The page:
NOVEMBER 19--FAG Automotive (Schweinfurt, Germany), a wholly owned subsidiary of FAG Kugelfischer Georg Schafer AG that manufactures wheel mounts and bearing assemblies, was using manual methods in its parts assembly, with operators unloading parts from boxes and placing them on conveyors for delivery to an automated assembly station. Karl Bywalez, a project manager with FAG, has enlisted Grude Systeme GmbH (Sauerlach, Germany) to automate the process using off-the-shelf cameras, frame grabbers, robots, and robot controllers.
Grude Systeme developed a PC-based system using two robots and a multicamera machine-vision system. A C75CE CCD camera from Sony (Park Ridge, NJ) captures images of a number of parts. The images are digitized using a Series 8100 frame grabber and PatMax software from Cognex Corp. (Natick, MA).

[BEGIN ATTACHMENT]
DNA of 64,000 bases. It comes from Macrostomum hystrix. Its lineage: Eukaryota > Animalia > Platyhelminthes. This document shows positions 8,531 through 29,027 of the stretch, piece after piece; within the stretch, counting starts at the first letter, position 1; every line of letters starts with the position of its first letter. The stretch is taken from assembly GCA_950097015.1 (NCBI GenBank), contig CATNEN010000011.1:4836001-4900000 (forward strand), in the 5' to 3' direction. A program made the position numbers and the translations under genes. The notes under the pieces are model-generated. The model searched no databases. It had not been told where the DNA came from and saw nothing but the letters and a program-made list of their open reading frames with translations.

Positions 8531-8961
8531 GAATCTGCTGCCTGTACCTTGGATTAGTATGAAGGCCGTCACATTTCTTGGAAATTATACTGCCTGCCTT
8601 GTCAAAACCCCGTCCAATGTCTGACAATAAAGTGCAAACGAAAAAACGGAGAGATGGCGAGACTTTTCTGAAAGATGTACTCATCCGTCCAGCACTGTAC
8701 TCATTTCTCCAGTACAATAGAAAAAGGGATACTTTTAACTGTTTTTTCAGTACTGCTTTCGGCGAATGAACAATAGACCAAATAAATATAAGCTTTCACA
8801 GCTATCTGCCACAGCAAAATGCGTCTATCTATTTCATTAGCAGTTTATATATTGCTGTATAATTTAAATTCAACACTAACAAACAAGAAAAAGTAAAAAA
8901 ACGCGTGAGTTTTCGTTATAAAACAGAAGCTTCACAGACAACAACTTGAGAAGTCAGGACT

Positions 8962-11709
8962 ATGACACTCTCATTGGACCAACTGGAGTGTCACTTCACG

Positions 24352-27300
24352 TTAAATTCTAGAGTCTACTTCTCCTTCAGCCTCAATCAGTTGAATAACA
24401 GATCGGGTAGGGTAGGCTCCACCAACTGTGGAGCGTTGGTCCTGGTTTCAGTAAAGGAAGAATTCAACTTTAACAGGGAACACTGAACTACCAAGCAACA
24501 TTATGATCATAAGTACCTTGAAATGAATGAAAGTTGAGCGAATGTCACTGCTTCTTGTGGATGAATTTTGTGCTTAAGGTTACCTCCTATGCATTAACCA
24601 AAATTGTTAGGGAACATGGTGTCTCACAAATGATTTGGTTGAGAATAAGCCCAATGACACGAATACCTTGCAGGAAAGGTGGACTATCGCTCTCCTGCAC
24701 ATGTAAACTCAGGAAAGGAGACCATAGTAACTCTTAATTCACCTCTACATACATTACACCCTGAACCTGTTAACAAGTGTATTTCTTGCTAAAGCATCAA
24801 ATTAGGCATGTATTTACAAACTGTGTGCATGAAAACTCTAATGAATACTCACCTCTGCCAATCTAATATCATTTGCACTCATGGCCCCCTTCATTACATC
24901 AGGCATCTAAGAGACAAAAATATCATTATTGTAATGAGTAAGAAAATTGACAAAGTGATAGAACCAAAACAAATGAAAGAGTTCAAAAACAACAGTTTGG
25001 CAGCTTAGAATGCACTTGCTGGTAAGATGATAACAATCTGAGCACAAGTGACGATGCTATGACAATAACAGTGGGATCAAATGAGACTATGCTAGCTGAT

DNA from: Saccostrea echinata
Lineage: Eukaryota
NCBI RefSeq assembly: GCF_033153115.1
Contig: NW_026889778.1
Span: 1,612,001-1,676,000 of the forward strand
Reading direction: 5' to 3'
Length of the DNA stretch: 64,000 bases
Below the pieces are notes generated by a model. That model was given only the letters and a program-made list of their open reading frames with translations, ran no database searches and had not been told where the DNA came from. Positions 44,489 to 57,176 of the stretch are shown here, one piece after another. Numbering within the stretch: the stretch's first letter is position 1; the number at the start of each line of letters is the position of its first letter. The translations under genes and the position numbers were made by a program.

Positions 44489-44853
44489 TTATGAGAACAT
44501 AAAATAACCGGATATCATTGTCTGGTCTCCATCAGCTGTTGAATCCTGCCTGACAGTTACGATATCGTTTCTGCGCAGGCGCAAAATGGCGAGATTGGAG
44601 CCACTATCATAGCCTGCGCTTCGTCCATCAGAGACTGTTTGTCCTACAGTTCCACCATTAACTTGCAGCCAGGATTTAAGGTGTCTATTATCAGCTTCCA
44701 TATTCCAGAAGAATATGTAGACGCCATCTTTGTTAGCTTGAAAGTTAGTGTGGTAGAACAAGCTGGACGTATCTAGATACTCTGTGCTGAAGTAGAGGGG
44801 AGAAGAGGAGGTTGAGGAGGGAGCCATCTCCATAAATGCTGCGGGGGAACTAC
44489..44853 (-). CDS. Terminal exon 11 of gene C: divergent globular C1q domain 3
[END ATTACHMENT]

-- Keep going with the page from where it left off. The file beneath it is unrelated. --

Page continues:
"Using Cognex's PatMax software, two bearing components are first localized and their real-world coordinate transforms calculated," says Stefan Angebauer, managing director of Grude Systeme. These coordinates are then transmitted over the RS-232 port of the PC to an Adept Technologies Inc. (Cincinnati, OH) robot controller that directs an RX130L robot from Staubli (Faverges, Switzerland). The robot then picks the two bearing components and places them on a conveyor belt.
Unlike the bearing components, the randomly oriented wheel mounts are located in trays within the workcell. To place these parts on the second conveyor belt, another Sony C75CE camera captures images of the wheel mounts that are also interfaced to the Cognex Series 8100 frame-grabber board. To speed the pick-and-place process, the Cognex PatMax software locates two different mounts in the left- and right-hand side of the tray. Both images are then compared and best-fit image coordinates are used by the Adept controller to command the Staubli RX130L robot to pick and place the part on the conveyor belt.
For more information, see Vision Systems Design, Dec. 2001.